Kamal Talai Cow Plate, Pichwai Painting by Dinesh Soni

Kamal Talai Cow Plate - Pichwai Painting by Dinesh Soni: View Here

 

8. Pattachitra Paintings

Pattachitra is essentially a term for painting on fabric. This artistic style is renowned for its minute details as well as the mythological stories and folktales that are embedded within it. These artworks, which are based on Hindu mythology, were especially influenced by the Jagannath and Vaishnava sects. The five main colors of white, black, red, blue, and yellow—also known as Pancha-Tatwa—have significance in the main painting of Lord Jagannath. The main subject of Pattachitra paintings is the local deity Lord Jagannath, who is depicted in a totemic form alongside his brother Lord Balabhadra and sister Devi Subhadra. Various “Veshas” or “Beshas” of Lord Jagannath, temple activities, the ten incarnations of Lord Vishnu based on 12th-century Hindu poet Jayadev's "Gita Govinda," Kama Kujara Navagunjara, the Ramayana, the Mahabharata, and individual paintings of gods and goddesses are also painted. It would seem obvious to incorporate a religious traditional art form like Pattachitra into a home temple because it will undoubtedly enhance the space's devotional atmosphere unlike anything else.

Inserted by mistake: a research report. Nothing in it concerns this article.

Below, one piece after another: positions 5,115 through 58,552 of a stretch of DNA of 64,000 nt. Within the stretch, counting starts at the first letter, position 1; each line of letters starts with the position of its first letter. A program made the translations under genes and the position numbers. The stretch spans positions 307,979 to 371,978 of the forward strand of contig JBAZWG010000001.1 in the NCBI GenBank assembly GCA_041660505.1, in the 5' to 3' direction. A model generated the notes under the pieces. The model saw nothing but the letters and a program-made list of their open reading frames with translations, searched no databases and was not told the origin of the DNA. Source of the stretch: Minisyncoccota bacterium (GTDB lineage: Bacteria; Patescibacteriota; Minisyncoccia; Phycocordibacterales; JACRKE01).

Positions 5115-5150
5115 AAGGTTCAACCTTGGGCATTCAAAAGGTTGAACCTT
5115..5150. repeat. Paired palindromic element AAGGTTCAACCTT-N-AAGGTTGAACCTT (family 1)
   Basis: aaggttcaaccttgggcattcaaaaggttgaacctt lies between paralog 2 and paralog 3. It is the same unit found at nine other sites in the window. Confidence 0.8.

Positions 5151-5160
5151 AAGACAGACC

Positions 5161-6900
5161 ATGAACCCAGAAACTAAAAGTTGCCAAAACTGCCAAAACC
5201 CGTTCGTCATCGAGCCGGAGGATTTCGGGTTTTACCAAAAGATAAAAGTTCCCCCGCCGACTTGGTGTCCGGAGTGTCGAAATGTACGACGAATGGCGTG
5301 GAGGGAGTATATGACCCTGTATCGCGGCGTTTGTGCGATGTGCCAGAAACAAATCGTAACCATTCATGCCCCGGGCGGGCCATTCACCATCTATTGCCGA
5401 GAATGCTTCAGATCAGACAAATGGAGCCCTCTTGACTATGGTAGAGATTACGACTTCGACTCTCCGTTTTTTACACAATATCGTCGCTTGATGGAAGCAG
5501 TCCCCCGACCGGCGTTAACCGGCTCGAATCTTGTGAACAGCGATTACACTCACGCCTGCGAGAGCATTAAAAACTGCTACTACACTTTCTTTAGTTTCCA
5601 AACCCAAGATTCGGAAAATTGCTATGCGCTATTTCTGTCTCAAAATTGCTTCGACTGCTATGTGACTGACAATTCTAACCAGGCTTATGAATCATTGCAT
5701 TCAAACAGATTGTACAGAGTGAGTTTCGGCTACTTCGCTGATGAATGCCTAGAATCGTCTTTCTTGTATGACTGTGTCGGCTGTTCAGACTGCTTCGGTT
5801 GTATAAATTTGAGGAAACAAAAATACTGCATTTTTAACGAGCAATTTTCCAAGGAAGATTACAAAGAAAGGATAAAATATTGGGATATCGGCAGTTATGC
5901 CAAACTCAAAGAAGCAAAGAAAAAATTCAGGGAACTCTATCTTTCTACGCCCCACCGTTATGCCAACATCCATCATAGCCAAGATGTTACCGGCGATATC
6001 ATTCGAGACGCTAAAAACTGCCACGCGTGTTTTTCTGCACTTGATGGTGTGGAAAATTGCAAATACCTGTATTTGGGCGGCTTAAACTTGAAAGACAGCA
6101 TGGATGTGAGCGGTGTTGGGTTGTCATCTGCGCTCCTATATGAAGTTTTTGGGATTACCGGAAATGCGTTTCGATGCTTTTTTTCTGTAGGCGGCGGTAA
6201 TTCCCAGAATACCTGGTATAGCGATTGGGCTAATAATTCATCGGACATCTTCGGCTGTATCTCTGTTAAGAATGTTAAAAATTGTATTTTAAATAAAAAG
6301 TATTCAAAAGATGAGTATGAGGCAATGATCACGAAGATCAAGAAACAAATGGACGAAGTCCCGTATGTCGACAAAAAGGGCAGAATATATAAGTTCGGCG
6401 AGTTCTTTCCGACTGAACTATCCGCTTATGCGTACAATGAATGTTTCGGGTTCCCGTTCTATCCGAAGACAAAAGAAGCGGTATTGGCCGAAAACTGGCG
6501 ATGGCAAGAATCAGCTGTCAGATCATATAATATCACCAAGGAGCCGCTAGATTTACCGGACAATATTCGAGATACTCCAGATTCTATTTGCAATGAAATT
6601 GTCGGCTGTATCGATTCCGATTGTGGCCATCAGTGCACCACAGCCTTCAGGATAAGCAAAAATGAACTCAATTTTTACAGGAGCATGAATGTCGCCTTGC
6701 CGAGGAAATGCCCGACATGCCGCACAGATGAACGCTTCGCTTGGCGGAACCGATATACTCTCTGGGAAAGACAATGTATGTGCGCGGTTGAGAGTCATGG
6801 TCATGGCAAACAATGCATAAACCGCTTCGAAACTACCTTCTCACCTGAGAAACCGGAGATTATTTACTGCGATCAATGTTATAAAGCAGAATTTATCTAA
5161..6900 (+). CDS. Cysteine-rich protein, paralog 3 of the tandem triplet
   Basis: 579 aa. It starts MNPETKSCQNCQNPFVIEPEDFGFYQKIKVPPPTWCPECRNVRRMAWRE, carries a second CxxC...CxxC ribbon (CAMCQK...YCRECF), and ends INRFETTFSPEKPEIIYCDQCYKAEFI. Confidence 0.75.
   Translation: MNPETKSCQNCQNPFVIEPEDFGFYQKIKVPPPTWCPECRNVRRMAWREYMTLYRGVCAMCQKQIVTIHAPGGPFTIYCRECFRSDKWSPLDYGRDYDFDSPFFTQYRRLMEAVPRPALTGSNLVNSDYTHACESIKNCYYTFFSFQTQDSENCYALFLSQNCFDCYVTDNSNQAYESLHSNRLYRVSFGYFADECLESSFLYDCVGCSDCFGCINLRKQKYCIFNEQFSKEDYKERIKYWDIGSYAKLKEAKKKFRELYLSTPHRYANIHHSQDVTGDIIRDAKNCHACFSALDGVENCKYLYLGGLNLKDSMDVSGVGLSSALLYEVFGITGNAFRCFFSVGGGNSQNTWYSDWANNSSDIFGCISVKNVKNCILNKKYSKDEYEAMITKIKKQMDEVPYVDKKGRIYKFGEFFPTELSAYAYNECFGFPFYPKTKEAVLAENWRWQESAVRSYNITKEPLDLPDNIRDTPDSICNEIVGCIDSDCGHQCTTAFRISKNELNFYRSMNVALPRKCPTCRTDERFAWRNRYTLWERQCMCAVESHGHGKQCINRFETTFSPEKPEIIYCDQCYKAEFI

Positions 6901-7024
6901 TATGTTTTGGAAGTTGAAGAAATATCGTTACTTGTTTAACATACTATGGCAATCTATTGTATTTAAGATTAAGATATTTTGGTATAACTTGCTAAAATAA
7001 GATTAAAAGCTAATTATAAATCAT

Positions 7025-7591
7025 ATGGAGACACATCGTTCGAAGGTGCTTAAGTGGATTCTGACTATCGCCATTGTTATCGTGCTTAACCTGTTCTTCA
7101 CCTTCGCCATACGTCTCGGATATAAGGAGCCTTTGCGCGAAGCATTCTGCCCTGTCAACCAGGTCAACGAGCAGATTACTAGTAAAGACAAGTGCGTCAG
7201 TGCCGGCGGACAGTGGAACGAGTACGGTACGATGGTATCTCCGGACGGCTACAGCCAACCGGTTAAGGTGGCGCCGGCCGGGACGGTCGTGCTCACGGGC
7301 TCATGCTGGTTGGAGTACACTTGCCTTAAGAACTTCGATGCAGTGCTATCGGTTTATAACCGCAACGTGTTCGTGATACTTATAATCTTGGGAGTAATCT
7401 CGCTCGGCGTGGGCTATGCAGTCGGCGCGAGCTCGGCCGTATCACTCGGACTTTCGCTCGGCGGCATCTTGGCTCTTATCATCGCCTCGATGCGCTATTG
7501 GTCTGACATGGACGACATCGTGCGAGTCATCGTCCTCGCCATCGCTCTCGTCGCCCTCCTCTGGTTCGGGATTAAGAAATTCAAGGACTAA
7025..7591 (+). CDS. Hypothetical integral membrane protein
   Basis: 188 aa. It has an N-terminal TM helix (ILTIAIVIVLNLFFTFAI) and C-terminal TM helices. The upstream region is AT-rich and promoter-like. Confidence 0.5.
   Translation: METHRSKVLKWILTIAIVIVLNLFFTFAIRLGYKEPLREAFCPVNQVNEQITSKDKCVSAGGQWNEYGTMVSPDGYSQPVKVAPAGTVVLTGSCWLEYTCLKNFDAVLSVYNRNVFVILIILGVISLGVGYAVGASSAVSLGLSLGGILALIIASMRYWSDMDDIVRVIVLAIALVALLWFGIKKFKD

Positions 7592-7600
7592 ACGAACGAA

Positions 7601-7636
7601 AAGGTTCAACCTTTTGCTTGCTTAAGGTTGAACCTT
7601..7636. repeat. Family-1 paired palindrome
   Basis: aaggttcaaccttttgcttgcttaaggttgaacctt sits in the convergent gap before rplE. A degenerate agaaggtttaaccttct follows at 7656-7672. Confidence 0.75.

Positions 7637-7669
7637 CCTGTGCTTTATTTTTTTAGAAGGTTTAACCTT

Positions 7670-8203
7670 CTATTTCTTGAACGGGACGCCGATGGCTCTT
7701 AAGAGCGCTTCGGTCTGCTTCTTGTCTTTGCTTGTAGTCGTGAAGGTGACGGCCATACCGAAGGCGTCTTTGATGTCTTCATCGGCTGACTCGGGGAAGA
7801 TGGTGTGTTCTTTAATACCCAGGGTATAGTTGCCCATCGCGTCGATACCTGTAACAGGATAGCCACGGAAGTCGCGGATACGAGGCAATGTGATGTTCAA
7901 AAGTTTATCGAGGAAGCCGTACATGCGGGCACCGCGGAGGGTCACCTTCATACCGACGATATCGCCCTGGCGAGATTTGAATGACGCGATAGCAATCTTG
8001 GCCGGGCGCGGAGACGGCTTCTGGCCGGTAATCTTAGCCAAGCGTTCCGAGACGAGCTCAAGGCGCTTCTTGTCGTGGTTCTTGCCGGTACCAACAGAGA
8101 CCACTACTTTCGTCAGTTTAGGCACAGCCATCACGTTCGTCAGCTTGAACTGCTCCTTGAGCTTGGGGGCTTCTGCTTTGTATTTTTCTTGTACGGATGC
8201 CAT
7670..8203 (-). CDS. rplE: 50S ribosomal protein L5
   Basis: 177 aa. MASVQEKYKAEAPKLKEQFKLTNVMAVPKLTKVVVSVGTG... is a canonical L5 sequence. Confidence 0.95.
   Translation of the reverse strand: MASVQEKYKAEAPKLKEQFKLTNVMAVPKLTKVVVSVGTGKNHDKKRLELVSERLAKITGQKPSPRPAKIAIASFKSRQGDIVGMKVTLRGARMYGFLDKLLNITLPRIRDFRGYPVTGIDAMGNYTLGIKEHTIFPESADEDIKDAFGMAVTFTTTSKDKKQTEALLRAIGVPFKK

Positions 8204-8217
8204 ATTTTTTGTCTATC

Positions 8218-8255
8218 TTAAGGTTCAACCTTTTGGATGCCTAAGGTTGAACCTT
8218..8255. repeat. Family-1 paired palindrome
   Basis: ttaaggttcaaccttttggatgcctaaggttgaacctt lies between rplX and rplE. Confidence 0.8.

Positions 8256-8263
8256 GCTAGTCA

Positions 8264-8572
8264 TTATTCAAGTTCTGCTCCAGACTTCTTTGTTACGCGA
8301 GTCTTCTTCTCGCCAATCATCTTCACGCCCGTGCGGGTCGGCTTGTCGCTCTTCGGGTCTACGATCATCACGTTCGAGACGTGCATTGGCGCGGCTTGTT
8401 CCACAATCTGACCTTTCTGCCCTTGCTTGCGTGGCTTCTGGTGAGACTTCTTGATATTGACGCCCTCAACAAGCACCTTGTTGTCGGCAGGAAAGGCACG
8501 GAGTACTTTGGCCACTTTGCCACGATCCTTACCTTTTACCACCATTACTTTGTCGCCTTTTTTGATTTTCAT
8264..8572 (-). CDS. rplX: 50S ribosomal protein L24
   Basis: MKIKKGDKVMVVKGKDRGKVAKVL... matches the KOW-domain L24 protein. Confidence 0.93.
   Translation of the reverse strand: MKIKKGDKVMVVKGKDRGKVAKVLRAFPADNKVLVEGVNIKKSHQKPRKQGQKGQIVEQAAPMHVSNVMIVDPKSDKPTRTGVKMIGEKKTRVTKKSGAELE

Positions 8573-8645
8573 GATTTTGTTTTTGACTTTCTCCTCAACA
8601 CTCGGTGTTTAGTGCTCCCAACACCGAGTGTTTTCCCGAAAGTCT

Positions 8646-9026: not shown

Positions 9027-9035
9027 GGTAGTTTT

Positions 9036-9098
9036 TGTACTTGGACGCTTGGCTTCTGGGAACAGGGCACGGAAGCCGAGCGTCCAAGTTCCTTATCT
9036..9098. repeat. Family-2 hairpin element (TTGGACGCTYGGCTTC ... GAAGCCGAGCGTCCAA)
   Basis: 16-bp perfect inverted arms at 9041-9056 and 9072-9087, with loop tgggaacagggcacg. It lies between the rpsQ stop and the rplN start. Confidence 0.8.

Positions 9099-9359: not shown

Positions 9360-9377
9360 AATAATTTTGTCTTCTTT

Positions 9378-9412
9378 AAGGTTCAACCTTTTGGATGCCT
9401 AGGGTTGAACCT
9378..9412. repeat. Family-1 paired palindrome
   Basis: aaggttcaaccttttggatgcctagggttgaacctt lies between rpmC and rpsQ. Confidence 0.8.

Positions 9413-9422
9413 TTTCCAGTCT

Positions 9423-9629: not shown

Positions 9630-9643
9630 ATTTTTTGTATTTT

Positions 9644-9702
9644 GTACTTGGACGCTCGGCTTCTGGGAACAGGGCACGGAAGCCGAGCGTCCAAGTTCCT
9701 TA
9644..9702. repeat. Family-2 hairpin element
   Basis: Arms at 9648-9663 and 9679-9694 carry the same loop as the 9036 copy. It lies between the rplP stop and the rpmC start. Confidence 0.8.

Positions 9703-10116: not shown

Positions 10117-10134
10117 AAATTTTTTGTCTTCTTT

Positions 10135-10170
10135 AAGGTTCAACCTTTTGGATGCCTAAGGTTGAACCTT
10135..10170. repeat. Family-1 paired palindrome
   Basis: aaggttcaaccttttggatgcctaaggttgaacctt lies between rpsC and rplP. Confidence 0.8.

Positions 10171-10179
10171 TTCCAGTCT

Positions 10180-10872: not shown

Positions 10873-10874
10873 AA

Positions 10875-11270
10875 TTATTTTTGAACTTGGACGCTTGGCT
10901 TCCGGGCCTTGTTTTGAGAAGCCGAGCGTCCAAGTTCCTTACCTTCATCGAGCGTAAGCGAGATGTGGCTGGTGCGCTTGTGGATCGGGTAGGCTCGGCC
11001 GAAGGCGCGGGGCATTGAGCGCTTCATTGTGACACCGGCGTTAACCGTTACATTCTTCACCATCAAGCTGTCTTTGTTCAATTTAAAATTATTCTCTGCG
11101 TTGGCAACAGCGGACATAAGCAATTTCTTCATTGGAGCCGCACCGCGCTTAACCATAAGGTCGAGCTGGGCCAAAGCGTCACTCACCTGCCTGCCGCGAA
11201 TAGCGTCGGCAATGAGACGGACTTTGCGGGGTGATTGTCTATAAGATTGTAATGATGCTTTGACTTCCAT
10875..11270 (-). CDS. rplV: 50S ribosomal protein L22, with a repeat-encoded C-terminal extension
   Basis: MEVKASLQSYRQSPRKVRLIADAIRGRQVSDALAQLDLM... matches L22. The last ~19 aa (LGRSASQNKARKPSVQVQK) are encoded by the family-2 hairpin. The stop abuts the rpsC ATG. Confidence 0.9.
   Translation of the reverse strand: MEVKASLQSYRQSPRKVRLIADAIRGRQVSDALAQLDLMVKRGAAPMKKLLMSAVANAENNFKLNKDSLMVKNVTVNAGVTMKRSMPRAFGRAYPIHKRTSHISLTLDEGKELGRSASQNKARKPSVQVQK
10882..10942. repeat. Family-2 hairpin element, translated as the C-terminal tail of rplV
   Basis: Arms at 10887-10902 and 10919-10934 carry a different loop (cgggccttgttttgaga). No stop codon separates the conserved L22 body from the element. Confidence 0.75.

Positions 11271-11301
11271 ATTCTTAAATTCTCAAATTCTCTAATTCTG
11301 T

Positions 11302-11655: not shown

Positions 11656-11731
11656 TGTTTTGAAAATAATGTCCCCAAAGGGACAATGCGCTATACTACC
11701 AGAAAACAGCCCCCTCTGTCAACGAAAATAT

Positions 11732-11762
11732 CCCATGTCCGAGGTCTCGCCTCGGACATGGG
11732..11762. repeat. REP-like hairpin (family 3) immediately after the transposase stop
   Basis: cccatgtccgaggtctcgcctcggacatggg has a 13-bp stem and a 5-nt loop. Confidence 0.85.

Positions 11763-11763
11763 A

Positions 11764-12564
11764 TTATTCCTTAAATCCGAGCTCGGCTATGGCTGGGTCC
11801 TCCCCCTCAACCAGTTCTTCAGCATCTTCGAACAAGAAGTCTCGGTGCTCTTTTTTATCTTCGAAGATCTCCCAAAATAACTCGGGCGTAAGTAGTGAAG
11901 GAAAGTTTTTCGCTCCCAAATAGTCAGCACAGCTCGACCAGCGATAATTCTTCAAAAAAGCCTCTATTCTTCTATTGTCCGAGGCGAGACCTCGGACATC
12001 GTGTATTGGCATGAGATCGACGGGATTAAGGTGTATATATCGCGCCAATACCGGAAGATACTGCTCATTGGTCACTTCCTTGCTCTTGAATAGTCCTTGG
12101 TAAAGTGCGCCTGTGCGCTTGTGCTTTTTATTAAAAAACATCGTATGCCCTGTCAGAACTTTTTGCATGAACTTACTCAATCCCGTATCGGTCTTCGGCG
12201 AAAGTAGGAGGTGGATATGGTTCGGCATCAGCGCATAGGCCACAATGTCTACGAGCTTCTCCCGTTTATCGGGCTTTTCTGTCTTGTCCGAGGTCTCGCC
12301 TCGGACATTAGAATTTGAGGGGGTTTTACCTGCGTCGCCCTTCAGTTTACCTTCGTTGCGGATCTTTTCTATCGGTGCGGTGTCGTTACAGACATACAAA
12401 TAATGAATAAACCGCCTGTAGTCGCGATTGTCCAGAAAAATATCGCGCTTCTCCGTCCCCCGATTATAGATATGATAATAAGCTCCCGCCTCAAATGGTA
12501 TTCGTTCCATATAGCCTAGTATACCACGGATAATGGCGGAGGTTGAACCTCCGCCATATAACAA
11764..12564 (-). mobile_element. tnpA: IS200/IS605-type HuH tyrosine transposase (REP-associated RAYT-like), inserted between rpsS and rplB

Lord Jagannath Pattachitra Art by Purusottam Swain

Lord Jagannath Pattachitra Art by Purusottam Swain:  View Here

 

The space of your home mandirs as well as the entire house is improved by the traditional art paintings in your home temples. With the energies produced by these traditional paintings and your devotion to the divine, prosperity, harmony, and happiness are likely to pay a visit to your home.